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To the Rt Honble the Lords Commrs of his Majts Treasury

The great value put upon French & Spanish Pistoles in England has made them of late flow plentifully hither above all other sorts of Gold, especially the French Pistoles wch are better sized and coyned and less liable to be counterfeited & by consequence of more credit then the Spanish. For Pistoles pass amongst us for 17s 6d a piece whereas one with another they are worth but about 17s. 0$\frac{1}{2}$d or 17s. 1d at the rate that Guineas of due weight and allay are worth 21s. 6d. And tho allowance be made for the lightness of our Silver monies by wearing yet Pistoles will be worth but between 17s. 2d and 17s. 3d.

About four years ago by the English putting too great a value upon Scotch money the Northern borders of England were filled with that money Scotland with ours the Scots makeing about 8 or 9 pr. cent profit by the Exchange untill your Lordps were pleased to put a stop to the mischief. The case being now the same (but of much greater consequence) in the reputed par of the Exchange between the English money and Pistoles, wch runs 3d or 4d in a Pistole too high to the Nations loss in the course of Exchange, we thought it our duty humbly to represent \it/ to yor Lordps in order to such a remedy as yor. Lordps shall think fit.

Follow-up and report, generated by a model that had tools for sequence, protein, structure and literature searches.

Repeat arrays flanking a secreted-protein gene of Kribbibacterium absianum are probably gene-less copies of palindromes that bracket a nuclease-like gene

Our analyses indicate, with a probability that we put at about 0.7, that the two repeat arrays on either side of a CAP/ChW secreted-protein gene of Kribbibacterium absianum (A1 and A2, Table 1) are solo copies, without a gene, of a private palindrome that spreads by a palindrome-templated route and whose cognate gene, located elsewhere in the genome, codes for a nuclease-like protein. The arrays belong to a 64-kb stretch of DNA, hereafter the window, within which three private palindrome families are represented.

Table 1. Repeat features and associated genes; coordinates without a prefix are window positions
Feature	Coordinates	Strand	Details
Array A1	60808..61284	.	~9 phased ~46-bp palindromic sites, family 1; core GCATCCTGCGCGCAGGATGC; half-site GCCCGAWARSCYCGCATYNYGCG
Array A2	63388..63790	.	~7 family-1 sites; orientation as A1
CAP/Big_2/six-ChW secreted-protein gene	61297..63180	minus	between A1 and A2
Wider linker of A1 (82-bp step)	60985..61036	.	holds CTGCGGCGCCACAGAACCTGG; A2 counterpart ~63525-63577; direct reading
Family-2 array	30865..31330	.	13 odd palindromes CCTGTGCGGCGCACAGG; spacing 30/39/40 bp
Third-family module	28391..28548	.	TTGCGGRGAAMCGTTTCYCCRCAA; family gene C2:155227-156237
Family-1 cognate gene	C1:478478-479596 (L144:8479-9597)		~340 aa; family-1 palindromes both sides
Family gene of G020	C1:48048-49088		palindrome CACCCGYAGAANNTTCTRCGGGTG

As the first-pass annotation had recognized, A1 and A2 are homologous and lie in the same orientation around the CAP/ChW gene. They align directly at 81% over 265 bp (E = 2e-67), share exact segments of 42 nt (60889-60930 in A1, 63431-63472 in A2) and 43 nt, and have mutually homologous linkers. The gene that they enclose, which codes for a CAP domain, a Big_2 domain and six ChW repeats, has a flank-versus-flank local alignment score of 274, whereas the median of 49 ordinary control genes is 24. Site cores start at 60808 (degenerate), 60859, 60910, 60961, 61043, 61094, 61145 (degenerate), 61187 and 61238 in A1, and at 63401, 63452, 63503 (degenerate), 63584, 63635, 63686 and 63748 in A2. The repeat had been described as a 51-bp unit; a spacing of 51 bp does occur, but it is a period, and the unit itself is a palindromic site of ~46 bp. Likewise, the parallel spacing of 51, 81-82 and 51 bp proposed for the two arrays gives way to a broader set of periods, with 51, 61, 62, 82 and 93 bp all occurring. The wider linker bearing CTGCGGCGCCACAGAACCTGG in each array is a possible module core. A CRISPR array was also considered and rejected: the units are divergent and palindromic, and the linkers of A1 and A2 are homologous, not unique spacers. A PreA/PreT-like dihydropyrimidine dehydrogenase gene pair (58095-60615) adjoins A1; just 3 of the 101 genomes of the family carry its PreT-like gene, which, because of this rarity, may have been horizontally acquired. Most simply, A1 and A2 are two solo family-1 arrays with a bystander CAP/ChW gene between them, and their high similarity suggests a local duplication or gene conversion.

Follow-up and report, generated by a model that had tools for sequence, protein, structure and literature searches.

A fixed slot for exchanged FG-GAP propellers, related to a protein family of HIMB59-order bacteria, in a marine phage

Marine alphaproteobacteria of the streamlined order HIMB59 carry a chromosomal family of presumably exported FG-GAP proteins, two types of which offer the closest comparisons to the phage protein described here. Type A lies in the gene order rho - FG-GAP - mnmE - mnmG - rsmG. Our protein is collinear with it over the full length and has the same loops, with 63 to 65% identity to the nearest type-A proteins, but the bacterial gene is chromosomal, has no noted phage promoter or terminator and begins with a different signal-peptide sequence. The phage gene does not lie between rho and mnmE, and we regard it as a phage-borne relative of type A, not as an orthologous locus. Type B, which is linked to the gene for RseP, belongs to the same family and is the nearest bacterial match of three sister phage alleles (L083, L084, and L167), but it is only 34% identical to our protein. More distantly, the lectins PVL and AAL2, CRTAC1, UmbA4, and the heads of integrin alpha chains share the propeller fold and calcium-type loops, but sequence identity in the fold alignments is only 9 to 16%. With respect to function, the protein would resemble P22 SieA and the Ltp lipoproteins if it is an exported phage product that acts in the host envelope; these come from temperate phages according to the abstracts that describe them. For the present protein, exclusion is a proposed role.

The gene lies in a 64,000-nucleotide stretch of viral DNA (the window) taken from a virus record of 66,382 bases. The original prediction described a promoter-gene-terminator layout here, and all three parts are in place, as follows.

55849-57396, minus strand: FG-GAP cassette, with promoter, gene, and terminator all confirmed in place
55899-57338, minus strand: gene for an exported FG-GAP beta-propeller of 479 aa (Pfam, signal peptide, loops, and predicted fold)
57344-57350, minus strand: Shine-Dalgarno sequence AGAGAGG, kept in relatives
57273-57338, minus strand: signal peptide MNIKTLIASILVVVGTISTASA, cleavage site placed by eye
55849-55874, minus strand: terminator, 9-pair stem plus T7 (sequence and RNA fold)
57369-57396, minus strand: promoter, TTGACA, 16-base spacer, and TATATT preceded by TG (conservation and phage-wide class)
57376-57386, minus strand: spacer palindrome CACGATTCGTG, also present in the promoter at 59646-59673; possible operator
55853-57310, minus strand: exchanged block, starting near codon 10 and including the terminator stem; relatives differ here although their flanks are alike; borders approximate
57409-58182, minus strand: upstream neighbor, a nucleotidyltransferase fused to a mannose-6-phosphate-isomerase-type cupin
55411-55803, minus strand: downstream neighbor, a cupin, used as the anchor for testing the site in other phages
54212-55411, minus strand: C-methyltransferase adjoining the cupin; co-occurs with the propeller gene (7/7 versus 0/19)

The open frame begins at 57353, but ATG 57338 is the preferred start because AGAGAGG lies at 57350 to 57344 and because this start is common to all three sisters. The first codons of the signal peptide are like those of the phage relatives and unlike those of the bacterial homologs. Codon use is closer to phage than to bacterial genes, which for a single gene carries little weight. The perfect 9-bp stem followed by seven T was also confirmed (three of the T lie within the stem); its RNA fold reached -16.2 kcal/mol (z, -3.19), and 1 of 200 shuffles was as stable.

We presume also to lay before your Lordps that by reason of the great demand of silver for Exportation in Trade, the price of Bullion Exceeds that of silver monies 3d or 4d and sometimes 6d or 7d pr ounce whereas monies ought to be of great or greater value then Bullion by reason of the workmanship and certainty of the Standard. And this high price of Bullion has not onely put an end to the coynage of Silver, but is a great occasion of melting down and Exporting what has been already coyned. All wch is most humbly submitted to yor Lordps consideration and great wisdom